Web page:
• Dawn Herring

Why Movement is So Important During Labor


Movement during labor is one of the best ways a laboring Mama can distract herself from the intensity of the contractions and can even help to speed up labor (who doesn’t want that?)


If you’re intending an unmedicated birth, movement and conscious breathing are going to be two key ways to help support that happening and are the tools to help you cope. A third element is your mindset about the pain of the contractions, but we’ll save that for another time.


For Mamas who are unsure and/or are planning to use an epidural, it is still SO important to understand how movement helps you to cope with pain up until you can get one, as well as how it helps once you’ve had an epidural too.


Here are three reasons movement is so important during labor:


It helps you respond to labor in an active way


If you stub your toe, or slam your finger in a window (ouch) are you going to just sit there and do nothing? Probably not. You’re most likely going to hop up and down, move around, (maybe swear) - all of this to help you sort of “distract” yourself from what’s happening.


The same applies to labor. Labor is intense. Laying still while experiencing the intensity of labor (especially as you get into active and transition) can be very difficult and often times can lead to suffering in a laboring Mama. It’s usually why most women who undergo any sort of induction and are relegated to their beds end up getting pain meds and/or an epidural because it’s hard to cope with the intensity of the contractions without the flexibility and room to move in a way that’s helpful.


It allows you to use gravity to help you move your baby down (and closer to out!)


The most ideal kind of movement for a laboring Mama is one where she’s upright, standing, squatting or sidelying (all with the watchful eye of a doula and/or her partner) so that gravity can help to encourage her baby to continue to move down through the pelvis and birth canal. This includes when it comes to pushing as well.


If we talk specifically about stage 1 labor (dilating the cervix from 0 - 10 cm) movement that include the following can help gravity do its thing and encourage that baby to move down:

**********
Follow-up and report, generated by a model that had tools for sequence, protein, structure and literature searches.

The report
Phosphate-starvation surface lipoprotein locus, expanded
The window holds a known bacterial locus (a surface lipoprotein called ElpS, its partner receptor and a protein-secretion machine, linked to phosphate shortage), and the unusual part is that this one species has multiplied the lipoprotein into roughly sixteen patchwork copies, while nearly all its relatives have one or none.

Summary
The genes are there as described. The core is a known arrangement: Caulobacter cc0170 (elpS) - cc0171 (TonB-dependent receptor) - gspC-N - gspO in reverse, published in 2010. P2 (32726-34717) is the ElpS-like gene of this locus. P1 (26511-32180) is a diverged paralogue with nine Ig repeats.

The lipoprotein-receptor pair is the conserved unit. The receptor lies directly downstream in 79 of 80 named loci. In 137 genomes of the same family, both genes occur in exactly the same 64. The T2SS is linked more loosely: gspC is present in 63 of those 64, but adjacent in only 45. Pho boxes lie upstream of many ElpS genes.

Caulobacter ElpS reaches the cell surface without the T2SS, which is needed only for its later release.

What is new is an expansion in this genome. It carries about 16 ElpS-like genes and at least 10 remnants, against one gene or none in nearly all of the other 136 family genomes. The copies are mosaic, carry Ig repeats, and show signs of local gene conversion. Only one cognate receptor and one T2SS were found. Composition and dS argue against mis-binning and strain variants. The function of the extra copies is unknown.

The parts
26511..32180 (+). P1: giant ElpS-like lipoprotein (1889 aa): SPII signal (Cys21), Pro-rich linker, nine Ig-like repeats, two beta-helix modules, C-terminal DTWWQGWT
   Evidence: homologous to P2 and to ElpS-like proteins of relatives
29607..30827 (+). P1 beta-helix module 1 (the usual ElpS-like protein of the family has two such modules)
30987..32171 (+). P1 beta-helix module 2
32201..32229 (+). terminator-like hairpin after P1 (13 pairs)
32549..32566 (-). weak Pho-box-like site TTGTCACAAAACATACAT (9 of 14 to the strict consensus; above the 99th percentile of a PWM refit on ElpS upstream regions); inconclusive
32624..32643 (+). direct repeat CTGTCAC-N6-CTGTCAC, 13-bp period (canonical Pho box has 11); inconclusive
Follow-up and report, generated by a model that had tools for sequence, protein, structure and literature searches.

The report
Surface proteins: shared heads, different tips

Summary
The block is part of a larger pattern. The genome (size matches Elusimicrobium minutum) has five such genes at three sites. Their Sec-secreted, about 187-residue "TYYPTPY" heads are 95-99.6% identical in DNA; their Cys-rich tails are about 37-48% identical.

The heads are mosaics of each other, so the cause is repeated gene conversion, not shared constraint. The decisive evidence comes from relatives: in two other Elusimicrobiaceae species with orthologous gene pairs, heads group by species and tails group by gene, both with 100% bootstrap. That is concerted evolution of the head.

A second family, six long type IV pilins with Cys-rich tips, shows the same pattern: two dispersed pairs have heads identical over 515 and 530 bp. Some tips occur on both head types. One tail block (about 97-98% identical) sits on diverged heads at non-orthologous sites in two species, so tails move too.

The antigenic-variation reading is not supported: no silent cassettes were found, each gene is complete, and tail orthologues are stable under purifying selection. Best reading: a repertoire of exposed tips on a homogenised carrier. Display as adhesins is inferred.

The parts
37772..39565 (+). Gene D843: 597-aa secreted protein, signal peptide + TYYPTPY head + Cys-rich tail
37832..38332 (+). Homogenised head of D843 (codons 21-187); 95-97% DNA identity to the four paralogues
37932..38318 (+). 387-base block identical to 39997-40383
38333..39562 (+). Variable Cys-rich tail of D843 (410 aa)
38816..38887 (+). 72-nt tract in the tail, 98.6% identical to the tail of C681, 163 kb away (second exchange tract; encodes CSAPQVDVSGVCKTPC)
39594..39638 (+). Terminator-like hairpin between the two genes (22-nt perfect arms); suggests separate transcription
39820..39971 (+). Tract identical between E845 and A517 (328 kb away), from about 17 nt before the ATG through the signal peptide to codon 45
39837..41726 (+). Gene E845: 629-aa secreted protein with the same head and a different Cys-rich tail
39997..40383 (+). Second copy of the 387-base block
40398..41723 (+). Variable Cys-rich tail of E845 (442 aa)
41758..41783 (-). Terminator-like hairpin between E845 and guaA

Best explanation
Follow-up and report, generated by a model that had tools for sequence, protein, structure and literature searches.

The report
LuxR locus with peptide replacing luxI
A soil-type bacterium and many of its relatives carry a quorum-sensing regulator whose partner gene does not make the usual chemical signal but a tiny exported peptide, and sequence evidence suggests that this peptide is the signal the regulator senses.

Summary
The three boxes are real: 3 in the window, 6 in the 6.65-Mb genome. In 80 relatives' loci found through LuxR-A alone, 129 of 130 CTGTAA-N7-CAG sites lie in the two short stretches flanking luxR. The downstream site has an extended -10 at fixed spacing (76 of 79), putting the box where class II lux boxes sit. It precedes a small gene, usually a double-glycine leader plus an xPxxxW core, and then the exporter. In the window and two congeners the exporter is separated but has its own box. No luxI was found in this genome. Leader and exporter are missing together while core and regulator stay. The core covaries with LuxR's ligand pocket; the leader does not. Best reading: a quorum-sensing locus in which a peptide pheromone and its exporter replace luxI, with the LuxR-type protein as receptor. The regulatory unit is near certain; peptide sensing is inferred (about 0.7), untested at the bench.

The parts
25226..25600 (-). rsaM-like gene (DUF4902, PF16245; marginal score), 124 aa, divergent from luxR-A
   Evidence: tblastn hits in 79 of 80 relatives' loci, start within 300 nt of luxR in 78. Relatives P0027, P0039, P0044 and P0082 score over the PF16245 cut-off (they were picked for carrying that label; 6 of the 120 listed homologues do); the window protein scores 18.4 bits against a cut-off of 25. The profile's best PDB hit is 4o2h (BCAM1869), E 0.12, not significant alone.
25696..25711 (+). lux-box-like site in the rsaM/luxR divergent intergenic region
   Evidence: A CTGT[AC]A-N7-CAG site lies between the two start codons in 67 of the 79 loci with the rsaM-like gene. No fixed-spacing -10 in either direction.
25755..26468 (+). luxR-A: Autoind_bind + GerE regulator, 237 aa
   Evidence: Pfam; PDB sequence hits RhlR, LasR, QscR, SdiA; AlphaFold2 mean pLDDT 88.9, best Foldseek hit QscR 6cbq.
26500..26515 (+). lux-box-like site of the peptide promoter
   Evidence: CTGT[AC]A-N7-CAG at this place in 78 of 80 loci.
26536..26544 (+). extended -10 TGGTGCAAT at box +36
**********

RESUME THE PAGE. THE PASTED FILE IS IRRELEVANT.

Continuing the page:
• Dancer’s pose - holding on to each other while Mama rests her head on Dad’s chest and does some gentle swaying

  • Squatting

  • Lunges

  • All 4’s (also helps encourage baby to move into an optimal position)

Any positions that allow a Mama to move help increase the size and shape of her pelvis, thus making more room for baby to navigate down and out!


It creates a mindful connection and fosters awareness


Allowing yourself to respond to what you’re feeling during labor by moving, helps to enhance your mind body connection, and truly understand what your body and baby are telling you as he or she moves within you. If you’re unmedicated and can lean in to the movements and follow where your body wants to go, you’ll help your labor to progress and will find yourself going further into the “labor zone” furthering your trust in yourself, your body and the process.


Taking a childbirth class that includes a preparation for labor and helps you “practice” different labor positions can be a great way to make you feel more prepared.

Why is movement important after an epidural?


Once you’ve had an epidural, depending on how far dilated you were and what phase of labor you’re in, often times, an epidural can slow your labor down a bit. You’ll also be in bed and even though there are some ways to sit in bed that create a more upright position, you’re still not as upright as you would be if you were up and about.


It’s important to move a Mama every 30 minutes or so to help encourage room in the pelvis and movement of your baby, just like you would if you were unmedicated. Movement also helps to keep the epidural medication “evenly” distributed as well so that Mama doesn’t experience more or less numbing on one side vs. the other.


Using a peanut ball and having Mama lay on her side with it between her legs to create a more open pelvis, and then rotating back and forth between sides can be helpful. It’s also possible to have Mama sit as upright as possible in the bed, and put the peanut in front of her, with her legs over the top of it to create a kind of “sitting squat.” Ask your Doula to help with this and in some cases, the nurses may also be able to help as well.


It’s important to know that it can be hard to move a Mama back and forth in this manner due to monitors, IV’s, etc. so do your best. Knowing the implications of an epidural ahead of time are important to set the right expectations.


Movement Makes it Possible to Cope with the Intensity of Labor


I want you to know that it is very possible to cope with the intensity of labor using conscious breathing and movement. An environment that supports your ability to rely on those tools, as well as having a supportive labor partner and/or a Doula are key to helping a Mama use these tools, stay in the labor zone and trust the labor process.


If you’re laboring in a hospital, even those that are “baby friendly” and that encourage natural labors, be sure that you prepare yourself ahead of time by practicing movement, mindfulness and your breath, as it will be important in order to stay in the zone in the “hustle and bustle” of the hospital environment.


You’ll never forget the day you give birth to your little one.

Learn more about the Empowered Births and Beginnings Childbirth Classes here.

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